To calculate particle density, the modal buoyant mass in each fluid is required. To obtain this in the Archimedes software, right-click the x-axis of the histogram in the Archimedes software and select 'buoyant mass', as shown in Figure 5.

Figure5 Diameter to Buoyant mass.jpg
Figure 5. Screenshot of the dropdown menu allowing the x-axis of the histogram in the Archimedes software to be changed
Following this, the modal buoyant mass can be obtained from the particle statistics window to the right of the graph, as shown in Figure 6.

Figure6 Particle data.jpg
Figure 6. Particle statistics window, showing the modal buoyant mass of the sample.
These data are then used to calculate an average value for modal buoyant mass in each fluid and a buoyant mass vs. fluid density graph can be plotted in a third-party analysis tool such as Microsoft Excel or Minitab, and the y-intercept extrapolated or read from the graph. 

If using Microsoft Excel, first plot a scatter graph using the measured data. Next, add a trendline and tick the 'Display Equation on chart' box under 'Format Trendline'. This will give you the y-intercept of the plotted trendline and hence the particle density. 

The determined particle density can be used to recalculate the particle mass and size by inputting the new value into the experiment info window, as shown in Figure 7.  

Figure7 Experiment particle density.jpg   
Figure 7. The experiment info window. The particle density can be changed here to recalculate particle size after the measurement is finished.

Worked Example - 1µm Latex 

Below is a set of results from measuring a sample of NIST certified 1µm latex nanospheres. The specification lists the density of these particles as 1.05 gcm-3.
Four H2O/D2O mixtures were prepared at 0%, 25%, 75% and 100% D2O. The sample was diluted to the necessary concentration at approximately 9.0x106 particles/ml. Three repeat measurements were made for each fluid, with the fluid density being measured simultaneously through Archimedes density calculator. An average modal buoyant mass was calculated for each fluid density.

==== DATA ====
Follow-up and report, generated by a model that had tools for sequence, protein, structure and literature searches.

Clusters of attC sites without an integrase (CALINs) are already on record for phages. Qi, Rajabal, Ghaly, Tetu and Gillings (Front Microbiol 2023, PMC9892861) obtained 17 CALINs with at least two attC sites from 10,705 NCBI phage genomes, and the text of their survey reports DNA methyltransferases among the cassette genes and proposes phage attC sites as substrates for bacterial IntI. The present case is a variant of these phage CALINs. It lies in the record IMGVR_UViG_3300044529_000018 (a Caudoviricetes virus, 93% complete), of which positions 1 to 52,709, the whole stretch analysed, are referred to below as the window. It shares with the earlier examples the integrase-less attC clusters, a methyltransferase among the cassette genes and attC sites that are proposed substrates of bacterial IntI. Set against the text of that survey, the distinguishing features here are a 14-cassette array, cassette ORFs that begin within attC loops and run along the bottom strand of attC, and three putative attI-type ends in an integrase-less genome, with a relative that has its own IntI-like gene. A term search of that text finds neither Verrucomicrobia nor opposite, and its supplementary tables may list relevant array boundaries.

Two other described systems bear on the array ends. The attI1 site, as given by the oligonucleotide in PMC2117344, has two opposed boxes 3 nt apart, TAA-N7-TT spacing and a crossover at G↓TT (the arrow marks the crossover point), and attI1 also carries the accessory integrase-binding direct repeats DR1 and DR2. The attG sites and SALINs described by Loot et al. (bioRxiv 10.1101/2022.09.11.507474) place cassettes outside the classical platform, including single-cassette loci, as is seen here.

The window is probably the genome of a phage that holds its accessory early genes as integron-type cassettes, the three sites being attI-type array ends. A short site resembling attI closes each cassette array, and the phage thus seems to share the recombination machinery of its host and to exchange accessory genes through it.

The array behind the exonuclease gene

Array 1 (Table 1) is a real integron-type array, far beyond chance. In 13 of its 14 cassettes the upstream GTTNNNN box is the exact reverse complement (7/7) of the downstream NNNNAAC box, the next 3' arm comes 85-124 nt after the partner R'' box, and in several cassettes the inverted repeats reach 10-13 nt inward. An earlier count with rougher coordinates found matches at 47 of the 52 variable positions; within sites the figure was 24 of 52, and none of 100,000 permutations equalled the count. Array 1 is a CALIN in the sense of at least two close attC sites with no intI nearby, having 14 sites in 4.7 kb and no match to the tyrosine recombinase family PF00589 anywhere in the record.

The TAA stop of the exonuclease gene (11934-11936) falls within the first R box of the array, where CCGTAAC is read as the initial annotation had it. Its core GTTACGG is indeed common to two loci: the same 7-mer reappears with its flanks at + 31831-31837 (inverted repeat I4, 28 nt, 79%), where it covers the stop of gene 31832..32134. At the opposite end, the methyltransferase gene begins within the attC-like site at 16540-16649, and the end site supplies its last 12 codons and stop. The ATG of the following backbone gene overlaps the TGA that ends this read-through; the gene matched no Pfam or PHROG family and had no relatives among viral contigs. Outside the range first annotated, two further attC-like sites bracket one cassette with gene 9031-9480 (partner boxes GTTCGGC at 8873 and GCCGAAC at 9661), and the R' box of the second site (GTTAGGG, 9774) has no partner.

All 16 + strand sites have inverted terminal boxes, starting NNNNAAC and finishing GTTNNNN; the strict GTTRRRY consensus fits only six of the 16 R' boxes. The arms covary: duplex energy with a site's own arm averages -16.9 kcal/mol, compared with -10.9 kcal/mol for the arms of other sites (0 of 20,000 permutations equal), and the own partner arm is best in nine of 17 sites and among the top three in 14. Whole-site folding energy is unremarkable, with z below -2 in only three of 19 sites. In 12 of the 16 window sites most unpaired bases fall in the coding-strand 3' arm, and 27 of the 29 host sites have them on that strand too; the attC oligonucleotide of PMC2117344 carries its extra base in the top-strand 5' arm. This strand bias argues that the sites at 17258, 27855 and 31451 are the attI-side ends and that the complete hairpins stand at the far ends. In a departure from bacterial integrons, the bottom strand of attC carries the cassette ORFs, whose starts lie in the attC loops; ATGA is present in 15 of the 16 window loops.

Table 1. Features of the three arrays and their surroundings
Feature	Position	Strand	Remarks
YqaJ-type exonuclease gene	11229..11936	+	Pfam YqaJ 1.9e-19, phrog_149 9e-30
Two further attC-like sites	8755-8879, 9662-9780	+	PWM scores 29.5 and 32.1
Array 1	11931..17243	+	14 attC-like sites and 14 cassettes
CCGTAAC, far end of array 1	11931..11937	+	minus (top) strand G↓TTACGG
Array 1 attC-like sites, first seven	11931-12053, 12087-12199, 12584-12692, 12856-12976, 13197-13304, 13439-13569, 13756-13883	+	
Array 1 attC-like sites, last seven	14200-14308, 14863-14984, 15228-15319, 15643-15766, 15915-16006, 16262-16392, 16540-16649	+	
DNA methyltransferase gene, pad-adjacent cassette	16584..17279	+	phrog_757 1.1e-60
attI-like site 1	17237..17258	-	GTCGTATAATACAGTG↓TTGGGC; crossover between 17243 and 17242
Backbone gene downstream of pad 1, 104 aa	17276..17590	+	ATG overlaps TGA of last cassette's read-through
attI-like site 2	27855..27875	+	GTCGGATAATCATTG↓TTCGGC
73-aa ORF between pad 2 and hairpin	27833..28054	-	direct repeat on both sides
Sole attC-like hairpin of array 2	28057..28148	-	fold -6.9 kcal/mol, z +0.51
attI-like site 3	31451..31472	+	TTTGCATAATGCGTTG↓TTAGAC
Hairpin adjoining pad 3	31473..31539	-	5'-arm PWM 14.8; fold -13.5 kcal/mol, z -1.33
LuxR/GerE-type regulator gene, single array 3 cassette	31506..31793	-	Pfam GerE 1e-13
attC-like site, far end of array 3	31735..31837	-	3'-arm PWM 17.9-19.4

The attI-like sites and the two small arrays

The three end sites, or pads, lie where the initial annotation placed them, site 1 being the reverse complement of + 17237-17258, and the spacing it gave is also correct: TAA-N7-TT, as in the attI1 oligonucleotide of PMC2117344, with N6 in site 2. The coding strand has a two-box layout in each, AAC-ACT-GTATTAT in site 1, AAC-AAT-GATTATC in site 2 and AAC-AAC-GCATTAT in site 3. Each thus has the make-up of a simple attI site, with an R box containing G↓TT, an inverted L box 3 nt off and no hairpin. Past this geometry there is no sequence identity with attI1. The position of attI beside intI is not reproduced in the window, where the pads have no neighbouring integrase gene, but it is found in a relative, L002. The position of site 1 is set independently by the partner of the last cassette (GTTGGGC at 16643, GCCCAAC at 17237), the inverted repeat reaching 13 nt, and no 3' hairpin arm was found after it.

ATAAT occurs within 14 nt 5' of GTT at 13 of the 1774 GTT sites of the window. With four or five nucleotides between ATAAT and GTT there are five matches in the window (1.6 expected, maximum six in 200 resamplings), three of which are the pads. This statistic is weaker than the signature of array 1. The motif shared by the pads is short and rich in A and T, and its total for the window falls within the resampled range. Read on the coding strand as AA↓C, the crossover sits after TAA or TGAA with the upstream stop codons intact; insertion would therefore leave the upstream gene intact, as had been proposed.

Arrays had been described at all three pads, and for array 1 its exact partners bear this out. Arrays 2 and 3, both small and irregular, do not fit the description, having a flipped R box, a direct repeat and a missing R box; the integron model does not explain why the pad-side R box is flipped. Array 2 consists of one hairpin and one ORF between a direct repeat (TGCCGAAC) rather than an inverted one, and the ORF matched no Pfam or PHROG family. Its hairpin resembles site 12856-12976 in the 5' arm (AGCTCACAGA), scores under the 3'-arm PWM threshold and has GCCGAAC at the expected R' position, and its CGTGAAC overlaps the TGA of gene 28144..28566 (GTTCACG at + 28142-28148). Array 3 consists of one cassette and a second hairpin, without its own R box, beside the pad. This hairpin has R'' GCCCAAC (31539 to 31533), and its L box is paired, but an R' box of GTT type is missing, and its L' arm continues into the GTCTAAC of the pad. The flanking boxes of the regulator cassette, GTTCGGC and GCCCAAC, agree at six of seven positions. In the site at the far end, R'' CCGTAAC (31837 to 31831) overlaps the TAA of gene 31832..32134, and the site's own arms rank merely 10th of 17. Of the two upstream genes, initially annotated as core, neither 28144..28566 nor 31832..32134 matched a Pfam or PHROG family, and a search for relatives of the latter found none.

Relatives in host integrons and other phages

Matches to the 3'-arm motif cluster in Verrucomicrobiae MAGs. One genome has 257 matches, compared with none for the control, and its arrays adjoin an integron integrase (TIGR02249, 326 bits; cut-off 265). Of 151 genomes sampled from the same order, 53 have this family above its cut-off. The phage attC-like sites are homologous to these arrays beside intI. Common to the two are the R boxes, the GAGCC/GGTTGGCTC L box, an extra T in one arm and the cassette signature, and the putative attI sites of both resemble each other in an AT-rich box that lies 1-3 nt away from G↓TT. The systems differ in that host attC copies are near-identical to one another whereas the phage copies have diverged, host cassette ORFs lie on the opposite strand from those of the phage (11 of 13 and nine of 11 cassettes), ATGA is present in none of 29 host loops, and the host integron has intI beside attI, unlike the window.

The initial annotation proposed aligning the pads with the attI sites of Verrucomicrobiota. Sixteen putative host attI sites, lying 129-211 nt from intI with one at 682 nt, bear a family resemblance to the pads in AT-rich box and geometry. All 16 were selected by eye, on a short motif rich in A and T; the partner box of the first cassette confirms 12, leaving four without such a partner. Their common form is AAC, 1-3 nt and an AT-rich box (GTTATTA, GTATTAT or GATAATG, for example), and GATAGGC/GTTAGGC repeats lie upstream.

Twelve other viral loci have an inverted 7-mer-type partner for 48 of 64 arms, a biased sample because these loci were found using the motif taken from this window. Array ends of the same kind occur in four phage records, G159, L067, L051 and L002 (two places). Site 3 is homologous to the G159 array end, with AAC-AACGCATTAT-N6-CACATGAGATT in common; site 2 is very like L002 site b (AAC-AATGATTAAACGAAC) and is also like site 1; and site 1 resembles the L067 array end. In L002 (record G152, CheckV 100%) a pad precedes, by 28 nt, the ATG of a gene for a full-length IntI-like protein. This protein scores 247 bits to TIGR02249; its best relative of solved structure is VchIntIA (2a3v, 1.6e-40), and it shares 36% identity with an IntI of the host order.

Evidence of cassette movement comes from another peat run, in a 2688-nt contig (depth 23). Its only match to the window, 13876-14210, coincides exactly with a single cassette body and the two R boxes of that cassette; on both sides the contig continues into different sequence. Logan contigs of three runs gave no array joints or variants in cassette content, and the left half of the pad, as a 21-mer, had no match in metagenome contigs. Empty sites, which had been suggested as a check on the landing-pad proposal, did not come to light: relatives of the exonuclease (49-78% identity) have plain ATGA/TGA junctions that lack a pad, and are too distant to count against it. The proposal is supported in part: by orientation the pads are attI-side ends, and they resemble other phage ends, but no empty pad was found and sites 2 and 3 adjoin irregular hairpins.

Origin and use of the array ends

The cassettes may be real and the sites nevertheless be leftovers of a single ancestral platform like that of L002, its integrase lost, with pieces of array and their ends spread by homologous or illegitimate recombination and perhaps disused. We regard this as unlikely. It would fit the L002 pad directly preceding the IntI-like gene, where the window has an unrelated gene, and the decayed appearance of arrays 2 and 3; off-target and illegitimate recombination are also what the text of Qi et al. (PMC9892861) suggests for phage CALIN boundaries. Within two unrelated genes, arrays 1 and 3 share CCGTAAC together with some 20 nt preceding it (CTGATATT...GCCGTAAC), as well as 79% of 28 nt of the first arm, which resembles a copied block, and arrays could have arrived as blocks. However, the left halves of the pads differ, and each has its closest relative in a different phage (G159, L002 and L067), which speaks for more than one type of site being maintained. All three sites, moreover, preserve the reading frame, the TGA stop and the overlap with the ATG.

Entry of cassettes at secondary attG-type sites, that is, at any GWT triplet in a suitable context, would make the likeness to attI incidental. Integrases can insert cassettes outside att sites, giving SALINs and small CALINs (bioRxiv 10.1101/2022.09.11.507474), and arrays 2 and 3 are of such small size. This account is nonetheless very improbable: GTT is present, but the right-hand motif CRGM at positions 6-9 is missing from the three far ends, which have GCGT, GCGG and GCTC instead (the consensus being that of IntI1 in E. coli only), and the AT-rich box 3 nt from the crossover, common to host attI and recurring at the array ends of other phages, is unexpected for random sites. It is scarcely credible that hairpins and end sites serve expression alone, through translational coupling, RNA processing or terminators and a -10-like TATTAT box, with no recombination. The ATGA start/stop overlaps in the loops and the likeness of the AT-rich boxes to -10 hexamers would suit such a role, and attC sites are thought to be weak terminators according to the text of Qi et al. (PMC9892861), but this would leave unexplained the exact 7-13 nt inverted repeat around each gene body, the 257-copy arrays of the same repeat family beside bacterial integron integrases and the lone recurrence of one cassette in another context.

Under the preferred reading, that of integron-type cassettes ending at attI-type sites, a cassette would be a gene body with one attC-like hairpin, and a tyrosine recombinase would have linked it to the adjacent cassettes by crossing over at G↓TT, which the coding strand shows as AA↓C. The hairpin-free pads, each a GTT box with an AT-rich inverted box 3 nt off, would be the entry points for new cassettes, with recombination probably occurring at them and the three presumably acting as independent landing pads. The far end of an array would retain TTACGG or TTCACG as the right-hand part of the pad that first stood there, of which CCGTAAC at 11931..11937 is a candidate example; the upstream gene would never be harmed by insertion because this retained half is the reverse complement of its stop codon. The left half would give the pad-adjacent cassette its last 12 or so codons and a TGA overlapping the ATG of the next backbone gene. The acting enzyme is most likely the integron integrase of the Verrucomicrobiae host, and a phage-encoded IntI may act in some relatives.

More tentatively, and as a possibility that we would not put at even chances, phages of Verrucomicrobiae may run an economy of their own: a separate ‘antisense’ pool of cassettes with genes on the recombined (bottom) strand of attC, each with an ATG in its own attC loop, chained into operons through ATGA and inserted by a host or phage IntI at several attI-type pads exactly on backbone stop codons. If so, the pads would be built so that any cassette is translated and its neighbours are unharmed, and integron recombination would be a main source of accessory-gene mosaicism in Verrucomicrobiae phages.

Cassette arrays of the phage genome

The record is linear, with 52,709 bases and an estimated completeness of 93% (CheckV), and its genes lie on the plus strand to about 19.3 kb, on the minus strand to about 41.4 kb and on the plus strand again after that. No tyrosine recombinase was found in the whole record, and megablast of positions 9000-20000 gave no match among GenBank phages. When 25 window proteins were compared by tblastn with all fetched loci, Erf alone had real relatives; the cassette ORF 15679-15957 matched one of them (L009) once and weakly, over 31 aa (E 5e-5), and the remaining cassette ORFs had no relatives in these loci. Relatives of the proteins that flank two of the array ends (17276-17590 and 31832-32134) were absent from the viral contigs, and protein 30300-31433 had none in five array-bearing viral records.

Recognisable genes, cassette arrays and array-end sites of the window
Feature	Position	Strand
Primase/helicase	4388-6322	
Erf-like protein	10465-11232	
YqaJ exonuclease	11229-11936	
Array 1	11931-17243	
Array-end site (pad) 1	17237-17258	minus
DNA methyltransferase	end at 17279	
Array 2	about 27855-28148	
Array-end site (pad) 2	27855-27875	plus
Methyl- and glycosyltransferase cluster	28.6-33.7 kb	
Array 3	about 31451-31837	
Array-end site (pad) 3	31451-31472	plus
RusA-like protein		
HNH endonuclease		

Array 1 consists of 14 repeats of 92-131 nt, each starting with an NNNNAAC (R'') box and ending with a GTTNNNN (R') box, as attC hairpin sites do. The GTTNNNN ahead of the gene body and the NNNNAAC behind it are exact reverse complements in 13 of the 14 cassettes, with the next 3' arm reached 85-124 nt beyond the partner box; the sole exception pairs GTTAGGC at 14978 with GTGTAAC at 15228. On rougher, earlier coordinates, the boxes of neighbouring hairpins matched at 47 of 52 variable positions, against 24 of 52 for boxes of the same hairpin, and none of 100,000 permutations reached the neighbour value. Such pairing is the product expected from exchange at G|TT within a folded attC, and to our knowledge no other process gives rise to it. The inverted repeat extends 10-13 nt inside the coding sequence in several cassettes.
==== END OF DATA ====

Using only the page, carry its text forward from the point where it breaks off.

As expected, the buoyant mass for latex transitions from a positive value to a negative value when it is measured in fluids that are more dense than itself, Table 1). 

Table 1. The average modal buoyant mass measured in each fluid and its corresponding fluid density as measured by the Archimedes.
%D2OFluid Density / gcm-3Buoyant Mass / 10-14 g

These results were plotted on an excel graph and used to calculate the y-intercept of the line, Figure 8.

Figure8 Buoyant mass_fluid density graph.jpg
Figure 8. A graph showing the change in the buoyant mass of latex when measured in different fluid densities.

The displayed equation shows that the y-intercept (highlighted) is at approximately 1.048 gcm-3, very close to the specification value of 1.05gcm-3. Repeating these measurements twice more gave a mean density of 1.0481 ± 0.001 gcm-3, showing the high precision of the method when measuring this sample.


This method is very applicable for lower density particles, giving accurate and precise density values even when the particle size is unknown. However, the method becomes less effective as the density of the particles being measured is increased. Looking at Equation 2, it can be seen that when ρP is much greater than ρF, the ρP - ρF term will approach the constant value of ρP. Hence, MB will stay effectively constant regardless of ρF, preventing any meaningful extrapolation. To offset this effect, fluids with greater densities will be required for measuring higher density particles. However, this becomes less feasible at very high densities, such as metal particles, where this method would not be suitable.
Another factor to consider is the polydispersity of the sample. Equation 2 shows that buoyant mass is affected by particle density, fluid density and particle volume. Particle density will be a constant, however particle volume is dependent on the size of the particle. The size of the particles measured for each point on the graph need to be the same to achieve accurate data. This is why it is recommended to plot the modal buoyant mass rather than the mean, as the mode represents a much smaller range of particle sizes than the mean when measuring samples with a wide size distribution. Should a sample contain multiple size populations, the modal buoyant mass for each can be obtained separately by adjusting the cursors (shown by right clicking the graph and selecting the ‘cursors’ option) on the histogram in the Archimedes software to only include data from the population of interest, Figure 9. 

Figure9 Parameters for second peak.jpg  
Figure 9. Using the cursors in the Archimedes software to select a population of interest.